Figure 6 

Effect of Krt17 on the cell cycle and apoptosis in GC cells. A-B: Downregulation of Krt17 significantly increased apoptosis in SGC-7901 and AGS cells, the statistical results are shown on the left (*P < 0.05, **P < 0.01). C-D: Sliencing of the Krt17 in SGC-7901 and AGS cells decreased cells at G0/G1 phase and increased cells at S phase, the statistical results are shown on the left (*P < 0.05, **P < 0.01). E: Western blot analysis of cell-cycle regulators cyclin E, cyclin D1, the expression of Bcl2, Bax, Bcl-xl and cleaved caspase3 were also determined.

J Cancer Image (Click on the image to enlarge.)

Discussion

Krt17 is a member of type 1 acidic epithelial keratin family, which acts as a promoter of epithelial proliferation, and has been identified as an oncogene, participating in several processes involved in the occurrence of tumors. To date, Krt17 has been reported to be overexpressed in malignant lesions of the cervix, and plays a role in cervical tumourigenesis [22]. Similarly, Krt17 has been found in a poor prognostic phenotype of human colorectal carcinoma [18]. Previous studies reported that Krt17 was frequently expressed in the cytoplasm of tumor cells in patients with GC, and may correlate with tumor progression [23]. However, its exact biological role in GC remains elusive.

The abilities to predict outcome and to identify key players in biological mechanisms that lead to poor outcome are two important objectives in cancer research [24]. In our study, we first analysed GC microarray data from several different databases and found that mRNA expression of Krt17 was significantly upregulated in GC tissues compared to normal tissues. Furthermore, we ascertained that expression of Krt17 in a large panel of GC samples (569 cases) was positively correlated with the TMN stage, lymphatic metastasis, depth of invasion and vascular invasion. Noticeably, Kaplan-Meier survival analysis indicated that patients with high Krt17 expressions level exhibited a remarkable shorter survival duration than those displaying low Krt17 expression levels, indicating that Krt17 may participate in the development of GC.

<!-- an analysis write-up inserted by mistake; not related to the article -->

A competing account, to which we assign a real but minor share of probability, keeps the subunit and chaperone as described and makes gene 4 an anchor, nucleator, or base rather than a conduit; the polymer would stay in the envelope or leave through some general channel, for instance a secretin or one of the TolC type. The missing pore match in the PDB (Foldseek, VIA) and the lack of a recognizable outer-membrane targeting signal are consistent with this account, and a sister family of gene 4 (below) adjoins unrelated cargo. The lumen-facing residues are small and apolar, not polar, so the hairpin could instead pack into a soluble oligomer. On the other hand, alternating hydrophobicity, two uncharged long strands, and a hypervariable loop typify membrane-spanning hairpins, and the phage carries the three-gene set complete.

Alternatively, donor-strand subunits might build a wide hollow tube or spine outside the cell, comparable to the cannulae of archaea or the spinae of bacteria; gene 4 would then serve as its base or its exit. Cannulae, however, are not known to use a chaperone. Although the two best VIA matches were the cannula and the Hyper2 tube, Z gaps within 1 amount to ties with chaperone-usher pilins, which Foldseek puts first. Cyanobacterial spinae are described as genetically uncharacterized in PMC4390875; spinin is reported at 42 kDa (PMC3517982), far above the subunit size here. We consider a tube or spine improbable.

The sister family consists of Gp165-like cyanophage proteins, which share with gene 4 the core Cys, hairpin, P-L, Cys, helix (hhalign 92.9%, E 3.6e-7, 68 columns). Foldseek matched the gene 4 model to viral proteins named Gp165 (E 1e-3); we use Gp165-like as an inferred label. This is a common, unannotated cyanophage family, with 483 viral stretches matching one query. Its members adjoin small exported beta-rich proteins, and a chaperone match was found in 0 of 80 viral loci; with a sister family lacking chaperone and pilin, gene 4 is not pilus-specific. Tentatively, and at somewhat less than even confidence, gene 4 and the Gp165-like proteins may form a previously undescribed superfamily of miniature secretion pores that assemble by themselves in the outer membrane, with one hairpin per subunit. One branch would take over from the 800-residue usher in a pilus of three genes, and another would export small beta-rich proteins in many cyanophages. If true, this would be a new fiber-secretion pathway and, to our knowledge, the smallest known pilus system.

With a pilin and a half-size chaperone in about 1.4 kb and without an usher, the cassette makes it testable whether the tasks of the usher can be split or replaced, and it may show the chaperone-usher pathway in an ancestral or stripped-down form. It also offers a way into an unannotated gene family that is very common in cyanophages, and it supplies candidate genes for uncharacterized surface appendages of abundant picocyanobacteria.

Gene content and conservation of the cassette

Krt17 has been regarded to be of great importance in terms of protein synthesis and cell growth, and thus may have an important influence on cell viability and function. An important study demonstrated that Krt17 positively regulated the cell size and growth of keratinocytes by binding to the adapter protein SFN by stimulating the Akt/mTOR pathway [25]. Recently, Krt17 was established to strengthen the migration and invasive capacity of oral cancer cells via inducing epithelial-mesenchymal transition [26]. With regard to the current study, to further elucidate the potential effects of Krt17 in GC cell lines, we established stable Krt17 silencing of an SGC-7901 cell clone and AGS cell clone to perform loss of function experiments. Our results showed that the proliferative capacity of GC cells was significantly decreased in both in vitro and vivo, and the migration and invasive capacity declined remarkably after Krt17 was silenced in vitro. IHC analysis of subcutanuous tumors indicated that PCNA (proliferation index) expression was reducing after Krt17 was silenced, while cleaved caspase3, an important apoptosis index, was increased. In conclusion, our data demonstrated that Krt17 could promote the proliferation, migration, and invasion of GC cells.

Apoptosis, or programmed cell death, is thought to be involved in various biological processes during tumor pathogenesis [27]. The imbalance of cell apoptosis and proliferation is a crucial event in the progression of cancer. In our experiments, we discovered that silencing Krt17 greatly triggered apoptosis in both SGC7901 and AGS cell lines, which indicated that Krt17 inhibited apoptosis in human GC. Moreover, we found that silencing of Krt17 induced apoptosis was associated with altering the expression of the Bcl2 family. The Bcl2 family of proteins is a group of upstream regulators of MOMP that includes both pro-and anti-apoptotic components that predominantly mediate the mitochondrial (intrinsic) apoptotic pathway [28, 29]. Apoptotic protein Bax, as well as cleaved caspase-3, were upregulated, and downregulation of the anti-apoptotic proteins Bcl2 and Bcl-xl were determined by western blot analysis.